Saturday, June 4, 2011

Our brain thinks that brands like Heinz and Coke are family members - marketing is match making!

BBC has for their series "The Secrets of Superbrands" made some intresting studies and observations, proving that brand building is a fascinating art expanding our world, interacting with us on a deep level. Marketing is not about telling us about new products; it´s about building relationships.
From the producers of the BBC show:  
"We showed an ordinary person a series of pictures of a Heinz beans can, a Coke can, Red Bull, McDonald's and a host of well-known branded packaging, followed by photos of their close friends and family members.
The results confirmed Prof Calvert's research. We use the same part of our brain to recognise well-known brands as we use to recognise friends and family.
The brands even provoke a similar feeling of warmth and well-being to the one we get when a loved one walks into the room.
Heinz's labelling has changed little over the years
This is the part of the brain marketers dream of reaching. Once your brand is embedded this deeply in someone's mind they will keep buying your product (unless you do something really stupid).
These brands represent far more to us than just food.
We've grown up with them. We have such deep memories of them stored away they become part of who we are.
We also went out on the streets of Kingston and gave passers-by two samples of beans to compare - one from a Heinz tin and one from a Tesco Value beans tin.
Virtually everyone expressed strong opinions on which one was better - the one from the Heinz tin.
What they did not know, however, was that both samples were in fact the same, only the label was different.
Prof Calvert explained that the samples genuinely tasted different - the branding affects our taste buds.
Coca-Cola put its brand on everything, including Christmas
I was amazed to discover that Coca-Cola had understood this way back in the 1880s. Within the first 10 years of its existence, the company had given away free samples to 10% of the US population.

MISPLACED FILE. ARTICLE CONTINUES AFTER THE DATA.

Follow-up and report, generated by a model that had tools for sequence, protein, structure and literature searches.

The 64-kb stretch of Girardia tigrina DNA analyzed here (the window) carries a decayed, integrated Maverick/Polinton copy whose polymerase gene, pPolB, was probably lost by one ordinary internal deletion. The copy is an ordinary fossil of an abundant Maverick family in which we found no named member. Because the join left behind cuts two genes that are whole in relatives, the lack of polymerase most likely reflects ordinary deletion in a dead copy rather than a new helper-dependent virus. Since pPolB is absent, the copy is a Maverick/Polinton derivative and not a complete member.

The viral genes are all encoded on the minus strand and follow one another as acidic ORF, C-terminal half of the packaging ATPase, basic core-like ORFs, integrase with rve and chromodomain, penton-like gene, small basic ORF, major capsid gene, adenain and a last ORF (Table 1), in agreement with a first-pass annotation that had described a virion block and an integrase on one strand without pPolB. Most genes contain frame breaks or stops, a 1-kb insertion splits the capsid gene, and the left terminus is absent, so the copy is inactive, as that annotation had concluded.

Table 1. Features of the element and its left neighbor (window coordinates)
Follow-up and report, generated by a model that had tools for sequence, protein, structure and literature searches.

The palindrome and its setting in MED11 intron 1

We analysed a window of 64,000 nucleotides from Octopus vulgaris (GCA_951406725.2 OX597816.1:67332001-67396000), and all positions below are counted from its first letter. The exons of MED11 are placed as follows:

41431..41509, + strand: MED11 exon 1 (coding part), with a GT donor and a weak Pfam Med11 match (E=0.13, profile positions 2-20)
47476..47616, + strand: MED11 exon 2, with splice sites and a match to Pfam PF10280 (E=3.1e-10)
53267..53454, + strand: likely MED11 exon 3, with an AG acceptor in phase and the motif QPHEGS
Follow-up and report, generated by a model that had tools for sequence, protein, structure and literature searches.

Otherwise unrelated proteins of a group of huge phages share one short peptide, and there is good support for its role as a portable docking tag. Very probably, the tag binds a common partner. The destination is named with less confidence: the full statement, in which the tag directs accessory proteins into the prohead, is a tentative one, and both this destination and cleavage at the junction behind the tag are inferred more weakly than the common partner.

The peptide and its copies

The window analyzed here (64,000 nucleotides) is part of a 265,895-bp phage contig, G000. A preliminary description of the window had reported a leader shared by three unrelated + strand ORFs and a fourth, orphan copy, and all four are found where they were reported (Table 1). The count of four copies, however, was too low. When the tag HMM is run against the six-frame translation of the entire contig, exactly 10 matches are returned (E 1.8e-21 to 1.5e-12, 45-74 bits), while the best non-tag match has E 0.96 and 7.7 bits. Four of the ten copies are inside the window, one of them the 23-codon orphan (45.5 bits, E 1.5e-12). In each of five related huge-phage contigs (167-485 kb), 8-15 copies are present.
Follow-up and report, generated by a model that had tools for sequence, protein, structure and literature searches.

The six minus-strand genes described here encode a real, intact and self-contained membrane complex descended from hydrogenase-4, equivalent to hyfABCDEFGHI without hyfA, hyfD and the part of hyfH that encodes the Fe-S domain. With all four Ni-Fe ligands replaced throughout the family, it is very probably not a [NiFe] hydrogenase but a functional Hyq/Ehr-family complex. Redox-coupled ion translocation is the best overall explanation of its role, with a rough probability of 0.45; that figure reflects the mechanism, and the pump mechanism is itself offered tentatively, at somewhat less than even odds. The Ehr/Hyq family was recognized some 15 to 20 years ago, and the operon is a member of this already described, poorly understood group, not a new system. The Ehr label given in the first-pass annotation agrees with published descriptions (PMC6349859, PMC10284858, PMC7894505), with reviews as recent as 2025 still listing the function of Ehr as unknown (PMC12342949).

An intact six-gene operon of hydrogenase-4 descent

It had also printed its logo on anything it could get hold of: trays, mirrors, key-rings, shops, billboards, neon signs.
Coke's hard work has meant that "Coca-Cola" is the second most widely understood phrase in the English language next to "OK"."
Relate this to the study about slogans from Millward Brown that I wrote about the other day, where the repetition of a brand message will lead to recognition and liking. The slogan and logo get inprinted step by step... Which is why we like people wo look like ourselves - because we have seen ourselves in the mirror so many times!!
I found this article at
"According to researchers reporting in the July 28, 2010 issue of Personality and Social Psychology Bulletin, we are attracted to people who resemble our parents or ourselves. In one study subjects were shown pictures of strangers which were preceded by a short glimpse of either their opposite-sex parent or a stranger. Subjects exposed to a short glimpse of their parent before being exposed to the target picture were more likely to assign higher ratings of attractiveness to the person in the target picture.
In a second study, a picture of the stranger was morphed together with a picture of themselves or a picture of another stranger. When subjects were asked to rate the portrayed people for attractiveness, they usually picked the people who were an amalgamation of a stranger and themselves.

The findings in these studies go against the common saying that opposites attract. As it turns out, we are much more likely to fall for someone who looks like us or our opposite-sex parent.

This may indicate that incest taboos are social constructs instituted to prevent people from following their instincts. However, there are other explanations of why we are attracted to people who look like us.
Researchers at the deCODE Genetics company in Reykjavik reporting in a 2008 issue of Science found that marriages between third or fourth cousins in Iceland tended to produce more children and grandchildren than those between completely unrelated individuals. The researchers suggest marrying third and fourth cousins is so optimal for reproduction because this degree of genetic similarity yields the best gene pool. Sibling and first-cousin couples could have inbreeding problems, whereas couples far-removed from each other could have genetic incompatibilities. Third and fourth-cousin couples are genetically compatible while having no serious inbreeding problems.

At first glance, these findings may seem to go against the so-called Westermarck effect. In a series of studies Edvard Westermarck, a Finnish Anthropologist, found that people who grow up together are disposed not to fall in love with each other after they reach sexual maturity.

The Westermarck effect, however, is completely consistent with the findings cited above. Living in close proximity is no doubt the decisive factor for desensitization in terms of sexual attraction, not degree of resemblance.

In fact, the Westermarck effect has been confirmed in the Israeli kibbutz system where people who grow up together often are not directly related to each other.

Sim Pua marriages in Taiwan also confirm Westermarck’s theory. “Sim pua” means “little daughter in-law”. A female infant is given to a family to be reared as a daughter by the family. When she grows up, she is to marry a son in the family. Sim Pua marriages have a low fertility rate, a high divorce rate, frequent adultery and lack of sexual attraction. In some cases, the son or daughter-in-law refuses to marry their destined spouse.

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